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August 24, 2016

Loneliness and Me: Maggie’s story

I didn’t think this would happen to me

Loneliness should not be a symptom of old age

“I’ve always been active. Walking, swimming, even a bit of dancing. A few years ago I had some bad falls and damaged by knees and my back. I struggle with my mobility now. My friends are busy: traveling, going out, all the things I can’t do any more. I didn’t think this would happen to me.”

John Lennon said: “Life is what happens to you while you’re busy making other plans.”

Maggie was a Care Home Manager, managed a day centre and was six months into a new job when one day, 17 years ago, her own plans were cut short.

Maggie fell in the garden and damaged her left knee. She put her arm out to stop herself and dislocated it. She’d been there for over an hour before a neighbour found her. 

Discharged after an overnight stay in hospital she had physio for over a year but could never get proper movement back in her arm. Several years later she was made redundant after she fell again and hurt her arm. 

It was only much later, when referred to a specialist by her GP, that they realised the true extent of the damage to her arm with torn muscles, ripped tendons, nerve damage and arthritis.

“I lay on the sofa for two years in screaming agony. I couldn’t walk or exercise and dreaded getting up because of the pain.”

Having previously ran a support group for overweight women who want to exercise, supported by community nurses, Maggie had always put others first and encouraged people. 

She had intended upon retirement to do voluntary work with people who were socially isolated and didn’t know how to cope but instead found herself in need of similar support. 

“One day I said to myself I was sick of being sick. I was really down and depressed. I got the bus into Leeds where I came across a Leeds City Council stall that said: ‘Are you sick of being sick?’ Exactly what I’d said to myself.”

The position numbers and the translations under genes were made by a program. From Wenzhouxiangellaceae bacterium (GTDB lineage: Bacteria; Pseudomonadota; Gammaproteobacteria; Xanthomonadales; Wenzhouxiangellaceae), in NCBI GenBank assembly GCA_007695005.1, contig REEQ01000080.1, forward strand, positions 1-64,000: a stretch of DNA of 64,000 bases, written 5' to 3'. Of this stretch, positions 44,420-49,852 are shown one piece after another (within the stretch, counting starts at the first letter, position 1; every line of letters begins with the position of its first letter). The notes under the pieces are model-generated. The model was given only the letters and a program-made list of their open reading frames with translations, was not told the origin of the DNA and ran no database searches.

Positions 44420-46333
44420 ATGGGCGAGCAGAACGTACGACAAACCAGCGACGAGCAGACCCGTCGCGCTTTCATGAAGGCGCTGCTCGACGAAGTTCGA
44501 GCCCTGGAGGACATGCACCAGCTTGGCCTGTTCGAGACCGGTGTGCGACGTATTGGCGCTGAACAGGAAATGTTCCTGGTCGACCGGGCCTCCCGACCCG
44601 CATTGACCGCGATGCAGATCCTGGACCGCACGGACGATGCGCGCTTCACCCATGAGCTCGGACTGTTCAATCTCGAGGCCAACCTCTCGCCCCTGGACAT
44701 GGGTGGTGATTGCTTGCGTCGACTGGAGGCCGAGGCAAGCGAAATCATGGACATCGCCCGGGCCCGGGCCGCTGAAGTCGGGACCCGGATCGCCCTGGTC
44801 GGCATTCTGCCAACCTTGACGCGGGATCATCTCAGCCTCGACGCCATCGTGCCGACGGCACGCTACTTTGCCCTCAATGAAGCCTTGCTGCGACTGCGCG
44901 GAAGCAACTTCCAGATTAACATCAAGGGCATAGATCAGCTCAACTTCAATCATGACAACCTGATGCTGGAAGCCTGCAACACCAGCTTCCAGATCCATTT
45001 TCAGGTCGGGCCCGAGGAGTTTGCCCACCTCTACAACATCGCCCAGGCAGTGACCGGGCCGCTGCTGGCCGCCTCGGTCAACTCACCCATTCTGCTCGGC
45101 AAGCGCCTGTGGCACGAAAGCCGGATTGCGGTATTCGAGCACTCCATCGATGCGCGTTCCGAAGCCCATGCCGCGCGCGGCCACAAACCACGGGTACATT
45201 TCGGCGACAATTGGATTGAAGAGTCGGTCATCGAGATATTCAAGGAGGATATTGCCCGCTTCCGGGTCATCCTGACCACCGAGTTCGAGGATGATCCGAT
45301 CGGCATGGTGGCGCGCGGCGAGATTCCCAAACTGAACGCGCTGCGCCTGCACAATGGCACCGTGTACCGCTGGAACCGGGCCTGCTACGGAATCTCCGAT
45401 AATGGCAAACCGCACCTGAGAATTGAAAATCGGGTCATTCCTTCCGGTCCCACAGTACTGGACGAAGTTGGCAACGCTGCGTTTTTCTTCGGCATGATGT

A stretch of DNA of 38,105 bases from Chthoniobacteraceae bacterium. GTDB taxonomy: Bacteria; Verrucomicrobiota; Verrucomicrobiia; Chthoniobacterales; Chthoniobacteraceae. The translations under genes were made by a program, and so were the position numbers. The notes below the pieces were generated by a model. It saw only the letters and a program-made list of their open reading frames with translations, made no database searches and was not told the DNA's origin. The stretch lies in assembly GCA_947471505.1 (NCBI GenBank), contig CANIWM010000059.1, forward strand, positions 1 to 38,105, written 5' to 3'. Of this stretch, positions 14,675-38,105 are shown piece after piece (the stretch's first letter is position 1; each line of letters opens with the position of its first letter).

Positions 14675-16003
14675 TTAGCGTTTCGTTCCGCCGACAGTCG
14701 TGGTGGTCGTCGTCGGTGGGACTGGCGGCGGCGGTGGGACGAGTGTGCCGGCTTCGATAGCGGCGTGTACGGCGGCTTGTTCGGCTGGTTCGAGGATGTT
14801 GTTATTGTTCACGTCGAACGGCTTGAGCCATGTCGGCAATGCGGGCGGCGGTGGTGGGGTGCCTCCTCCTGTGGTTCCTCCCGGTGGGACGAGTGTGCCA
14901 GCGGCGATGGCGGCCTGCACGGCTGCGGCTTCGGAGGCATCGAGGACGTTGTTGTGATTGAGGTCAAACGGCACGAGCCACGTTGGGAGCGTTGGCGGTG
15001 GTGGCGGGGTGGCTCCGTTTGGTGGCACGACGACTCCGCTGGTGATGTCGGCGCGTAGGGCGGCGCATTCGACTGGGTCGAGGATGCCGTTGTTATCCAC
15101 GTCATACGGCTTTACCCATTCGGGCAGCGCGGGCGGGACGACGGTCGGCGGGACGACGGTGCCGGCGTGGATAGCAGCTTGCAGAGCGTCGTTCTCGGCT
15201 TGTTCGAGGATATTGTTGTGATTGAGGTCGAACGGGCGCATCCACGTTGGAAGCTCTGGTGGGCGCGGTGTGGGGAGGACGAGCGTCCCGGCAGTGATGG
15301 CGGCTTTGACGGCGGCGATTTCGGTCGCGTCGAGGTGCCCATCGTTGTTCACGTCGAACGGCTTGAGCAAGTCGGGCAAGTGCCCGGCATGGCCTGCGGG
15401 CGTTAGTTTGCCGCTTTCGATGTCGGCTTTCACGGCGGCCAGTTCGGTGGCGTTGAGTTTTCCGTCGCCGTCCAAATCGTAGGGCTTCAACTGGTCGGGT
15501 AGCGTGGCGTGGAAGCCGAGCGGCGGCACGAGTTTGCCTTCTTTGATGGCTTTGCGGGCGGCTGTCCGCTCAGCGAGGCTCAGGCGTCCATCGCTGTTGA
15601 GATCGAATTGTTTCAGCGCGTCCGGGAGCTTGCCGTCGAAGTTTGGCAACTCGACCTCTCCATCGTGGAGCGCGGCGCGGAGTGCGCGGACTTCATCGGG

The stall was promoting a six-week health programme led by people with health issues. Maggie joined the programme which led to her engaging with other services including Touchstone, Swarthmore Centre and Feel Good Factor in Leeds.

“That was the turning point for me. That got me started again.”

Maggie participated in lots of positive care activities including massage, aromatherapy, acupuncture and art therapy as part of her rehabilitation, but says it was the social contact with other people that proved the most beneficial.

Maggie has lots of ideas about approaches to working with lonely and socially isolated older people. She envisions a support network that prepares people for retirement, offering fun and friendship, with special interest groups and mentally stimulating activities.

Her own advice to lonely older people is humble and straightforward:

“Tell yourself to smile at three people every day. Just get out there and do it. You’ll meet someone. You’ll start to see the same people and gradually find somewhere to go you feel safe. Knocks and blows along the way can really set you back. But we’re all the same.”